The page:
* Private payrolls rise 133,000 in May -ADP
* Jobless claims increase 10,000 last week
* Midwest business activity slows in May
* GDP revised down to 1.9 pct growth rate in Q1
By Lucia Mutikani
WASHINGTON, May 31 Private payroll growth
accelerated only slightly in May and claims for jobless benefits
rose last week, suggesting the U.S. labor market recovery was
stalling after a strong performance early in the year.
Other data on Thursday showed factory activity in the
Midwest slowed considerably this month and economic growth in
the first quarter was a bit softer than initially estimated.
Economists said the reports reflected business anxiety amid
an uncertain global economic outlook as the euro zone's debt
crisis escalates and China's economy slows.
"The economy is growing at an anemic pace and the job market
is showing some signs of hesitation in the pace of hiring. There
is a lot to worry about," said Paul Edelstein, an economist at
IHS Global Insight in Lexington, Massachusetts.
Private employers created 133,000 jobs in May, payrolls
processor ADP said. That was only a slight step up from April's
tepid increase of 113,000 and below economists' expectations for
a gain of 148,000.
The report comes ahead of the government's closely watched
employment report for May on Friday, which is expected to show
nonfarm payrolls increased 150,000, up from a paltry 115,000 in
The recent cooling in the labor market has been largely
viewed as payback for strong gains during the winter, when
unusually warm weather spurred economic activity. But economists
are starting to worry that the troubles in Europe and an
uncertain fiscal outlook at home are now dampening the U.S.
Initial claims for state jobless benefits rose 10,000 last
week to a seasonally adjusted 383,000, a Labor Department report
showed. Claims have now risen in seven of the last eight weeks.
Another report showed the number of planned layoffs at U.S.
companies hit an eight-month high in May as computer maker
Hewlett-Packard said it would cut about 8 percent of its
Joel Prakken, chairman of forecasting firm Macroeconomic
Advisers, which helps produce the ADP report, said the soft
private-sector payroll gains of the past two months at least
partially reflected the unusual weather patterns, but he said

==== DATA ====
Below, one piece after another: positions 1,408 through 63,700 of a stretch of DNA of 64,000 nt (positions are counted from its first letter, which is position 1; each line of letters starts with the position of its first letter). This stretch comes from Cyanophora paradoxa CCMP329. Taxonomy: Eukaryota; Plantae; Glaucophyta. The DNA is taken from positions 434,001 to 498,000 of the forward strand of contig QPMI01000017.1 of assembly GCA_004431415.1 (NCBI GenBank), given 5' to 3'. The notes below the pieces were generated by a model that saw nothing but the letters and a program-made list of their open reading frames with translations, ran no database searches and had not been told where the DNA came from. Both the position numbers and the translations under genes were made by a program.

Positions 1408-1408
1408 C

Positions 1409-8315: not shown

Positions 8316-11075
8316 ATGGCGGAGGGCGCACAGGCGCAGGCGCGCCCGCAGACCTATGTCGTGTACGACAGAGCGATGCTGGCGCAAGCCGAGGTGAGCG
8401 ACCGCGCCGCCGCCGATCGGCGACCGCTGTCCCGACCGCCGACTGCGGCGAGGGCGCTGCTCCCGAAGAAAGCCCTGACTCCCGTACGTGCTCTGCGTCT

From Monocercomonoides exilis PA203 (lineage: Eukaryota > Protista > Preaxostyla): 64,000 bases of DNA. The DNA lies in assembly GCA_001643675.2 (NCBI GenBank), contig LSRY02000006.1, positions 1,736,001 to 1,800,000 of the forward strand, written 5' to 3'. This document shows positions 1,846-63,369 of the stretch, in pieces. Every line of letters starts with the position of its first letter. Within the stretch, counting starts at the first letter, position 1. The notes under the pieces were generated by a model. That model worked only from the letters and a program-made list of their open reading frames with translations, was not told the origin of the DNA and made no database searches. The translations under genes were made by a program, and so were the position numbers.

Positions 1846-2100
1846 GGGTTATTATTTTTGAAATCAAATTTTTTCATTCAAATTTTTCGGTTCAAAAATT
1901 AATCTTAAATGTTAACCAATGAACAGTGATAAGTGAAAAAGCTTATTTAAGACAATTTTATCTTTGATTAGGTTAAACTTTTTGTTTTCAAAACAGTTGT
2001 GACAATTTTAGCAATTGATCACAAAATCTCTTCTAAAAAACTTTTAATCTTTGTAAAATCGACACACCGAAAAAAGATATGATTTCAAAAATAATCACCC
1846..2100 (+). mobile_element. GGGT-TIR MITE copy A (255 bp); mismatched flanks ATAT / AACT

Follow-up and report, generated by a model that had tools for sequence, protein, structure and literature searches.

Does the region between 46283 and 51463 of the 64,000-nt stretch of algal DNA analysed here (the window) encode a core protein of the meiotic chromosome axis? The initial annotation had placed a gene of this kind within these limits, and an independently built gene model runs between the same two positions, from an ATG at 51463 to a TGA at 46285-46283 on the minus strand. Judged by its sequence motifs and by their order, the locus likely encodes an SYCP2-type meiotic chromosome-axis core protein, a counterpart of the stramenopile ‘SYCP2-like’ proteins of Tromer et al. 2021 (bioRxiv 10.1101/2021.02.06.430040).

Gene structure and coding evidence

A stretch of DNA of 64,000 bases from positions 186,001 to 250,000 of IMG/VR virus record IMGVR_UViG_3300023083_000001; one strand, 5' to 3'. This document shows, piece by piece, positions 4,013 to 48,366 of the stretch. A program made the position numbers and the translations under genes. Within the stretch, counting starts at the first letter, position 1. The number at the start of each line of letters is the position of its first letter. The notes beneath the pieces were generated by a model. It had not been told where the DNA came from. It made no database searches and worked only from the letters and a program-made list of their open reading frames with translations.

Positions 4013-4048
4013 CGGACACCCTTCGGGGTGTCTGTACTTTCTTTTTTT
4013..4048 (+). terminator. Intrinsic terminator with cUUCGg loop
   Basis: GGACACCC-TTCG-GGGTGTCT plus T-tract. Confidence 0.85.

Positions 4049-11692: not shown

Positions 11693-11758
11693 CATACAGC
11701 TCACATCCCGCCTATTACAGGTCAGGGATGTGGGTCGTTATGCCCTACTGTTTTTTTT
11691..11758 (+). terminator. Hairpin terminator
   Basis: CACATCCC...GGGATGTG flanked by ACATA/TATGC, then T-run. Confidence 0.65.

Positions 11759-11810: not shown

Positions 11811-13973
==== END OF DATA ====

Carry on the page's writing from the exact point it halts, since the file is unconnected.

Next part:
they also raised a red flag about fundamental weakness.
"Today's number both confirms and reinforces the
deceleration of employment that we saw last month," he said.
"While the deceleration is disappointing, it's hardly
surprising, given the tepid macroeconomic data we have seen
reported over the last several months."
The sluggish data and growing concerns over the European
debt crisis weighed on U.S. stocks. In Thursday's session, all
three major U.S. stock indexes ended the day with modest
declines. The Standard & Poor's 500 index ended the month
down 6.3 percent, its worst performance since September. The Dow
Jones industrial average lost 6.2 percent in May and the
Nasdaq Composite Index slid 7.2 percent - marking their
biggest monthly declines in two years.
Prices of U.S. Treasury debt jumped on flight-to-safety
bids, with the yield on the 10-year note dropping to
a record low. The dollar was little changed against a basket of
A report from the Institute for Supply Management-Chicago
found factory activity in the Midwest lost steam this month. The
group said its business barometer fell to 52.7, the lowest since
September 2009, from 56.2 in April. A reading above 50 indicates
expansion in the regional economy.
Other regional surveys of factory activity also have found
activity slowing, suggesting the manufacturing sector was losing
a step nationally. The Institute for Supply Management will
release a report on national factory activity for May on Friday.
Cary Leahey, a senior economist at Decision Economics in New
York, said that based on historical relationships, the Midwest
factory index suggested the national ISM reading could dip below
the 50 mark within the next couple of months.
Separately, the Commerce Department said U.S. gross domestic
product increased at a 1.9 percent annual rate in the first
quarter, down from the 2.2 percent it had estimated last month.
The economy grew at a 3.0 percent rate in the fourth
Businesses restocked shelves more slowly than previously
thought and government spending declined more sharply. There was
also a modest downward revision to consumer spending, which
accounts for about 70 percent of U.S. economic activity, and
stronger import growth.
Business inventories added only 0.21 percentage point to GDP
growth compared with a previously estimated 0.59 percentage
While the small inventory build-up held back growth in the
January-March quarter, restocking of shelves, retreating
gasoline prices and an improving housing market should provide a
boost to output in the second quarter. Growth in the second
quarter is currently estimated at a pace of about 2.5 percent.
U.S. retailers on Thursday reported stronger-than-expected
sales for May as bargains helped shoppers overcome anxiety about
the economy and job market, an encouraging sign for
second-quarter GDP growth.
The GDP report also showed that after-tax corporate profits
dropped for the first time in three years last quarter. The
decline reflected the end of a special tax bonus that allowed
U.S. companies to accelerate the depreciation of assets.